Less than two months from his first statewide election, California Atty. Gen. Xavier Becerra has become adept not only at challenging President Trump but at using the bully pulpit of his office to raise his profile with voters.
The aggressive effort may help boost the former Los Angeles congressman's chances at winning a full term in office this fall, almost two years after he was appointed to replace Sen. Kamala Harris in 2017.
Appointed by Gov. Jerry Brown, Becerra took office as attorney general four days after Trump's inauguration. That's afforded him an opportunity to get in front of Californians — and potential voters — on an array of issues including immigration, healthcare and the environment.
Becerra has sued the Trump administration 31 times in a little more than a year and has jumped into the middle of other high-profile issues, including a fatal police shooting in Sacramento and the public's focus on gun violence, keeping him in front of news cameras at a rate not seen by a California attorney general in decades.
In the first three months of this year, Becerra had 26 news conferences and personal appearances. By comparison, Harris had only eight such appearances during the first three months of her last year in office. Brown, who served as attorney general from 2006 until 2010, had very few public events that were not put on by his campaign during the same period in his last year in the post.
In the last week of March, Becerra held four news conferences and made eight public announcements, including a legal challenge to the Trump administration's proposal to ban travel from some predominantly Muslim countries and a lawsuit against Sutter Health alleging it engaged in improper, anti-competitive practices that resulted in excessive costs for consumers.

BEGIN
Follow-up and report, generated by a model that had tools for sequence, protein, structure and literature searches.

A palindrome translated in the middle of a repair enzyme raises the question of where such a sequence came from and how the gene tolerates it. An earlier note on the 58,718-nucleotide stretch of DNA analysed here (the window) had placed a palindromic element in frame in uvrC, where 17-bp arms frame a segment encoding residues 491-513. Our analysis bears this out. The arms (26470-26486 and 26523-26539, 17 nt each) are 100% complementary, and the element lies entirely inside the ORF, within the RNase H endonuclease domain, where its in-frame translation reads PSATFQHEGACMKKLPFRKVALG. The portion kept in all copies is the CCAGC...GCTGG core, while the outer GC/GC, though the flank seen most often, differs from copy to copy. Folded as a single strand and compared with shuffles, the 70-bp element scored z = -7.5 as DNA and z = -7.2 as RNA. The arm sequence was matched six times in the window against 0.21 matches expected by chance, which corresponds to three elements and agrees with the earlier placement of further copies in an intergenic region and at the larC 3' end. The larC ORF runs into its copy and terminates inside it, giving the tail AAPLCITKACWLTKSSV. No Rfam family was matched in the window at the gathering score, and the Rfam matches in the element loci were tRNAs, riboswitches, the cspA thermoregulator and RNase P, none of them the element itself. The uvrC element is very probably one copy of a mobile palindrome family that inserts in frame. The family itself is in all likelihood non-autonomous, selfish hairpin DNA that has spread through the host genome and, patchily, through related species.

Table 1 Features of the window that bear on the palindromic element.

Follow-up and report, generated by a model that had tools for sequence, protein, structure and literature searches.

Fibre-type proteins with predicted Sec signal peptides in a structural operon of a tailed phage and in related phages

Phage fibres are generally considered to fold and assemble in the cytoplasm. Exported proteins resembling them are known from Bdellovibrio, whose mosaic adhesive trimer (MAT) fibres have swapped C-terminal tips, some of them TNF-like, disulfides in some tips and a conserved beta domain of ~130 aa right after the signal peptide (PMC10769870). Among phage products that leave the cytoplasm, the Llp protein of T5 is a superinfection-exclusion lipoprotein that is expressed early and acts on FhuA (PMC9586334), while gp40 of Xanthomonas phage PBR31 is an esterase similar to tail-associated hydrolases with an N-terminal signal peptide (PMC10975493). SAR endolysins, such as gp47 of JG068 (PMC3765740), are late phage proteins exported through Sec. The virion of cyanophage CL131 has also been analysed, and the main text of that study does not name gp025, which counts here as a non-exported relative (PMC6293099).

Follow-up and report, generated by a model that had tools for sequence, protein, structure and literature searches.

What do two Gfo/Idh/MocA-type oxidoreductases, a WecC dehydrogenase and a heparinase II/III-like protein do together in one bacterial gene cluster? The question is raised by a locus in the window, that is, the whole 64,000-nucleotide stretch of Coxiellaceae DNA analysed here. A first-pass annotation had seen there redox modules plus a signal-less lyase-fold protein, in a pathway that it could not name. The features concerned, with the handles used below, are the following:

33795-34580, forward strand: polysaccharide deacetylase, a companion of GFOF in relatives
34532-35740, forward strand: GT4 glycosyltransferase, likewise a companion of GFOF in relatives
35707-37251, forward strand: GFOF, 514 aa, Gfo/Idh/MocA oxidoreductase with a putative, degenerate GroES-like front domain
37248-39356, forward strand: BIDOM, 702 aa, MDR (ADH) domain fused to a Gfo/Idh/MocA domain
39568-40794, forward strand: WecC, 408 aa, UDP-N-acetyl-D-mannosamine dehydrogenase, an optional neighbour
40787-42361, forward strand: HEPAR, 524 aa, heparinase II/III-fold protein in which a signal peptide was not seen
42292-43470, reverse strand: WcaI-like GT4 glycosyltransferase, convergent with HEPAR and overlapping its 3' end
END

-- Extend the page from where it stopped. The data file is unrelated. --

On a single day last month, Becerra held a morning news conference to reveal he would oversee the probe into the fatal Sacramento police shooting of Stephon Clark, and hours later called the media to an event where he announced he was suing the Trump administration over plans to ask a citizenship question on the U.S. census.
"He has staked out a position as the strongest defender of California's collective values," said Larry Gerston, professor emeritus of political science at San Jose State University. "On these and other issues, Becerra has emerged as a megaphone for progressive values."
Rivals accuse Becerra of grandstanding for voters and dodging debates, but the Democrat says it was the timing of his appointment to the post that put him on a collision course with Trump.
The president's effort to limit immigration and take action against those in the country illegally has been a personal issue for Becerra, the son of immigrants.
"I see myself as doing what it takes to defend a state that has opened doors, which is for me the most important thing," Becerra, 60, said in an interview. "It opened doors for a kid who never had anyone in the family go to college."
Democrat Dave Jones, currently the state insurance commissioner, is his top challenger in the race, and will appear on the June 5 primary ballot alongside two lesser-known Republicans.
The California Democratic Party opted against endorsing either man at its February state convention, although Jones won a majority of the votes of delegates.
"Becerra has a serious intraparty fight for election, and he needs to show that he is a champion of opposition to Trump," said John J. Pitney Jr., a politics professor at Claremont McKenna College. He called Becerra's level of public activity "unusually prominent" for a state attorney general.